With Spot Instances, you can rent extra EC2 computer capacity at a fraction of the cost of On-Demand. They can be interrupted at any time, but when used in an automatic scaling group, they make a good replacement for On-Demand.
Location settings pricing is most static these days
Previously, Spot Instances functioned much like the stock market. AWS customers would bid on a price they wanted their instance to run at, and the instance would run as long as that price was available. This caused prices to fluctuate like crazy all day, sometimes even priced higher than on demand when demand was high.
AWS changed this and now Spot Instances has a mostly fixed price. With the new model, you can simply set a maximum price that you are willing to pay, and you will be charged regardless of the current Spot price for that hour.
The price may still change a bit, but AWS is huge, and has a lot of computer capacity. Unless some companies rent out their entire capacity, the price does not vary at all. For almost every instance type, the fluctuations are only visible for a whole month, and even then it almost never comes close to the price on request.
You can see prices for Spot Instance yourself from the EC2 console by clicking on “Spot Requests”; in the sidebar and opening the “Pricing History” dialog box.
You can scroll around and you will see that most cases are almost completely static from day to day. Fluctuations will only be visible for weeks and months. The
c5.large the instance is quite popular and sees some fluctuations, but it remains mostly the same:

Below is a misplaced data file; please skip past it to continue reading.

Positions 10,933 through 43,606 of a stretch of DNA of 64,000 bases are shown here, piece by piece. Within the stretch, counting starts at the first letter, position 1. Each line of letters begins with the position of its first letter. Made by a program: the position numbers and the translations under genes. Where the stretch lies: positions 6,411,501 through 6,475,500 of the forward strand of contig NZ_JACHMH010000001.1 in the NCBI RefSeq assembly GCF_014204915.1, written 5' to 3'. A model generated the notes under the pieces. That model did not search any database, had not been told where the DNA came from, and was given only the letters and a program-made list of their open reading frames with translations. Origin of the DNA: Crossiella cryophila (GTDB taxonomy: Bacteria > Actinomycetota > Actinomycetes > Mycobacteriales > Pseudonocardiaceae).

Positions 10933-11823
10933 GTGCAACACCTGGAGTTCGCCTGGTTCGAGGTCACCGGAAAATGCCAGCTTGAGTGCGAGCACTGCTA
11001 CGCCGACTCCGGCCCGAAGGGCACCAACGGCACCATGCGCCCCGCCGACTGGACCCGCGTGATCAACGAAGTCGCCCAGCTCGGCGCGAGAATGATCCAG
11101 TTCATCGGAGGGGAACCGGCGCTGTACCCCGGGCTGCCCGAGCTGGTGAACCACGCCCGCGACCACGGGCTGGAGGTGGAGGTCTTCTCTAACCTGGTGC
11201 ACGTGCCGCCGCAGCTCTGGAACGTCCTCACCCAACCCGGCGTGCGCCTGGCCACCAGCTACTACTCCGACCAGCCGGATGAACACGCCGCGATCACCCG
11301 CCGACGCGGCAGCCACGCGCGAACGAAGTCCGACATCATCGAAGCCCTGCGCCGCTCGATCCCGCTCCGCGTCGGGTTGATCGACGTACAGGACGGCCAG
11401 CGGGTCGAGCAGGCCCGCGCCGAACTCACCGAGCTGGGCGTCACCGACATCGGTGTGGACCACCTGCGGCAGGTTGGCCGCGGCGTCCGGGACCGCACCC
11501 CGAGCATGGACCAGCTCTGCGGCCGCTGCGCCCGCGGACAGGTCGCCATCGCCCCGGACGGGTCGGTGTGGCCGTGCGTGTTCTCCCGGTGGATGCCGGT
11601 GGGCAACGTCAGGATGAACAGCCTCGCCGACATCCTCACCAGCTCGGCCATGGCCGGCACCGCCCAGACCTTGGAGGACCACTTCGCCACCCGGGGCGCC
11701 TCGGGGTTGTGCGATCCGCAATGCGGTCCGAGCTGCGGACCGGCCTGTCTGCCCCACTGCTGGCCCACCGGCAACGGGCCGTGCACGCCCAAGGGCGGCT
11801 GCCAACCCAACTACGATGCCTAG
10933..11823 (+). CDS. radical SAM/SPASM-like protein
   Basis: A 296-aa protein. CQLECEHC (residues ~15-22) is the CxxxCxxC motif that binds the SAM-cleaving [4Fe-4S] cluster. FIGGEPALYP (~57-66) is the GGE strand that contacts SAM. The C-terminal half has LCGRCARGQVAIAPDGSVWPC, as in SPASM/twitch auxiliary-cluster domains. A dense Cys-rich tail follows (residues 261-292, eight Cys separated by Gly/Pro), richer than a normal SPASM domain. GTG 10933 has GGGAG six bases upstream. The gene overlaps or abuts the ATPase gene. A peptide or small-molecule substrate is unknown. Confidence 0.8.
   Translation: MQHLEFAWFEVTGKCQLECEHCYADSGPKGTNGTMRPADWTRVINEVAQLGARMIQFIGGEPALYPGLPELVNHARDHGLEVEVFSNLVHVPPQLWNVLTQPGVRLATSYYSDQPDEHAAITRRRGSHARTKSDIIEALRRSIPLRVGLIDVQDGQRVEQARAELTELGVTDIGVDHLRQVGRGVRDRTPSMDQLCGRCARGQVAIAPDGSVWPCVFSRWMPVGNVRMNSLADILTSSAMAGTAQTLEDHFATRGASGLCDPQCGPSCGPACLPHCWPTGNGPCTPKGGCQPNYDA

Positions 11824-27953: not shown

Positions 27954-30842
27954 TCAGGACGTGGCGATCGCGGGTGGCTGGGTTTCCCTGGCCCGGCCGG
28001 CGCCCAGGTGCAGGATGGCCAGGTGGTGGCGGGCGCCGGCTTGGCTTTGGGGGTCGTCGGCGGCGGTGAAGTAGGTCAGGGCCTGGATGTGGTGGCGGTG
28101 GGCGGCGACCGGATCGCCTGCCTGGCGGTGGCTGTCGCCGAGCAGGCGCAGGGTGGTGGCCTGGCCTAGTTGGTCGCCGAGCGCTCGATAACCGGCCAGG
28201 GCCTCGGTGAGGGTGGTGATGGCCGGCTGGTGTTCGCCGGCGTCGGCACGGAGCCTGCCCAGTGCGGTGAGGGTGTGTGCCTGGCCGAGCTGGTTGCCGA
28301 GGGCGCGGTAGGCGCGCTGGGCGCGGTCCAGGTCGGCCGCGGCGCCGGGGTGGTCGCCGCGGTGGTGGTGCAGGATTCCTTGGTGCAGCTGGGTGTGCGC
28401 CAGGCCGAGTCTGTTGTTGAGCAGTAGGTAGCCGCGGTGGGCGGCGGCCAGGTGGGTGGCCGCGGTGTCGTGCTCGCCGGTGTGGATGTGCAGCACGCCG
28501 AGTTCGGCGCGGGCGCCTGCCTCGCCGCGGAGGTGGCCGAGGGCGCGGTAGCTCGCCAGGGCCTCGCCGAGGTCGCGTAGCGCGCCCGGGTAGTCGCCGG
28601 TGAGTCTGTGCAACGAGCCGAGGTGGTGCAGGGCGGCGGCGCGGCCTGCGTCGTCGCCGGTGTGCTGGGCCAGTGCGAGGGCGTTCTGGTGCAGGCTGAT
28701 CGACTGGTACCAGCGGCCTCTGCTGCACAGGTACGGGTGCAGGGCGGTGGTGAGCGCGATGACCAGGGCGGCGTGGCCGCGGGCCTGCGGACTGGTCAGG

Other cases, such as
r5.4xlarge, may vary slightly, but does not usually come close to the price on request.
Other cases, especially the T2 / T3 range, do not fluctuate at all, perhaps by a few cents each week. AWS has more than enough capacity to meet the needs of every Spot Instance user at a great price, and that’s the price they want to sell electricity costs at.
You can use Spot instances just as you would use regular EC2 instances. You usually start a fleet of them with an automatic scaling group, where if an instance is recovered by AWS, a new one can be quickly spun up.
In general, the price for Spot Instances is usually at least 50% of the On-Demand price, with most types of instances hovering around 60-70% or so. AWS’s claim of “up to 90% cost savings” really emphasizes “up to.” The only instances you will find with 90% cost savings are examples of previous generations
c1.medium, as an easy way for AWS to sell its older hardware.
This consistent cost savings places the site in a good location. They offer about the same price savings as reserved entities (and are sometimes a little cheaper), while they do not have the 1- or 3-year contract linked to it. If your server’s life cycle can be easily automated to use automatic scaling, you probably do not mind if you need to restart a server from a fleet of 10.
This does not mean that Spot Instances will end randomly all the time – interruptions are actually quite rare. During a given month, the average completion rate is 5%, which means you will probably not see any frequent interruptions unless you run many instances. (In which case, you can probably handle them.) You still need to plan for interruptions, as there is a non-zero chance and the chance is higher for some types of instances. You can see the interruption rate for your instance on AWS’s Spot Instance Advisor calculator.
You still get two minutes notice, which is enough time for your car scale group to start a new one with minimal interruptions. We still recommend having at least two cases in an autoscaling group to completely prevent service interruptions.